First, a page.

When an organization employs the model of committing or obligating credit card purchases before the transaction is received from the bank, the system performs an automatic reconciliation between the outstanding requisitions and obligations in the system and the credit card statement records received from the bank or credit card company. When a match is found, the credit card transaction is marked as reconciled and eligible for payment. The system is flexible in that the organization can determine if the reconciled transactions can be paid upon reconciliation or whether the credit cardholder or his supervisor must still approve the actual payment of the transaction.
 At the time a credit card transaction is reconciled and/or approved, the user has the opportunity to alter the internal accounting codes (or override the default codes) associated with the transaction. If payment for the credit card transaction has already been made and the accounting codes have been altered, the system backs out the updates associated with the original accounting codes and performs the updates needed for the new accounting codes. The back-out and re-do of the updates ensures that the proper budgets, financial plans, projects, and general ledger account balances have been updated to reflect the true accounting codes of the credit card transaction.
 An organization has the option to immediately pay the credit card company upon receipt of the statement information or to delay payment until each credit card transaction is reconciled by the actual purchaser. When immediate payment is chosen, the system generates payment authorizations which are processed to allow for the disbursement of funds through the organization's own payment authority, such as the company treasurer or if the payment authority is the U.S. Treasury to authorize a disbursement through the U.S. Treasury's electronic payments and checks systems. When the immediate payment is not used, payments are warehoused until the credit card transactions have been reconciled using information from either the initial obligation and/or the statement received from the credit card company.
 When the payment authorizations are generated and processed, the accounting codes are taken from the credit card set-up information. This allows the appropriate budgets, projects, general ledger accounts, and financial plans to be updated as the payments and subsequent disbursements are processed.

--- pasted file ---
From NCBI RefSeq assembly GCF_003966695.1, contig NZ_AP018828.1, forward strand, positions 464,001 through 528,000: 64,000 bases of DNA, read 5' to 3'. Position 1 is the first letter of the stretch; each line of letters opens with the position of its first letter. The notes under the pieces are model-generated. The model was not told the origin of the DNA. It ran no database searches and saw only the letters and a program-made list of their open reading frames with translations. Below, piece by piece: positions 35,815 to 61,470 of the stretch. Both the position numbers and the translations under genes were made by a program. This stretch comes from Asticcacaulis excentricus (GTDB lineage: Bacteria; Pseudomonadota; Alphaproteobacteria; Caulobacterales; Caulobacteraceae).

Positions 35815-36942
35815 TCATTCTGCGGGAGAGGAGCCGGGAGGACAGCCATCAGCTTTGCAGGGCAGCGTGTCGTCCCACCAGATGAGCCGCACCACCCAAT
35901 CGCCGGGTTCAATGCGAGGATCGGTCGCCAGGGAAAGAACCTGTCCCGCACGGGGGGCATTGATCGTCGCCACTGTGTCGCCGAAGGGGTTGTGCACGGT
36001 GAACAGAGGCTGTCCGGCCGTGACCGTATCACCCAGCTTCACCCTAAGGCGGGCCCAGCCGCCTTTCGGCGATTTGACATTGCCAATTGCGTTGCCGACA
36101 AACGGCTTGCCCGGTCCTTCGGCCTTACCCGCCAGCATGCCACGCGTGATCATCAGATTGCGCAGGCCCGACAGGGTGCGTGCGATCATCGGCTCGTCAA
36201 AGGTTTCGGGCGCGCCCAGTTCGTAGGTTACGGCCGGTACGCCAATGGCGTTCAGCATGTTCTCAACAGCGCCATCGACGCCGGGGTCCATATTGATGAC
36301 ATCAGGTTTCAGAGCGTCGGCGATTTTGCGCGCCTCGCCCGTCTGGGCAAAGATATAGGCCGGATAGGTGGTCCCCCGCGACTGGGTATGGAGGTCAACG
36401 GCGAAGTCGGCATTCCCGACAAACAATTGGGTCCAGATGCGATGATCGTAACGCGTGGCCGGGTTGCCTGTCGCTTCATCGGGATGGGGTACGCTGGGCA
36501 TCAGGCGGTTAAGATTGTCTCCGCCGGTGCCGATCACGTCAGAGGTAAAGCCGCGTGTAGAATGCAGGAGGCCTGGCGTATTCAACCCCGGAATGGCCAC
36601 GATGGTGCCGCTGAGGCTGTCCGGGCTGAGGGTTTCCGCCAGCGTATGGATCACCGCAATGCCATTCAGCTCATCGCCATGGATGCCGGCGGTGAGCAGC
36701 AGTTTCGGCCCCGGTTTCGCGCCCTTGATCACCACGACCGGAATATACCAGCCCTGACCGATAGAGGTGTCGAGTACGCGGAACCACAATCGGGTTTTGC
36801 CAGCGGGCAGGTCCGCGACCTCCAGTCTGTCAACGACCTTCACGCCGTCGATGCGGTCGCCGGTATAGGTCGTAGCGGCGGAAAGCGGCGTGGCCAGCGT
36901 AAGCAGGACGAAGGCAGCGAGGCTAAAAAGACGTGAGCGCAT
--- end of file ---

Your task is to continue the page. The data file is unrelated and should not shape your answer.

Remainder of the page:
The present invention is preferably implemented in an application architecture 10 as depicted in FIG. 1. Work-stations 12 interact, via a suitable interface program, with an application server 16 which accesses data of the financial management system within a database server system 18 where a processor 20 accesses a financial system database 22 stored within a disk array 24. The work-stations 12 can be typical desk top computers. The work-stations 12 can be connected to the system 16 directly or via a packet-switched network, such as the Internet. Typically, a company (or possibly a government agency) will have a multitude of such work-stations 12, allowing each employee access to the system. The database server 20 can also be similarly connected via such a packet-switched network.
 Although not shown in this figure, the system 10 communicates with a credit card issuer 36 as well as a payment authority 46 (see FIG. 2). Typically, these communications are via a magnetic media, such as tape. However, direct connections or connections over a packet-switched network are also within the architecture contemplated by the system described herein.
 The architecture 10 preferably executes a financial management system, such as Momentum™ Financials available from AMS, that performs basic financial management operations such as comparing purchases to budgets, etc. A suitable operating system for the architecture 10 is the UNIX operating system or the WindowsNT operating system while a suitable set of programming languages include using C++ for server components, Smalltalk for the screen (desk top) components and JAVA for the Web version of the screen components. The computers of the architecture include the computer readable storage (RAM, ROM disks, etc.) upon which the processes and data structures of the present invention can be stored and distributed to customers, if desired. The processes can also be distributed to purchasers via downloading over a network, such as a packet switched network using an electromagnetic wave, such as a carrier wave.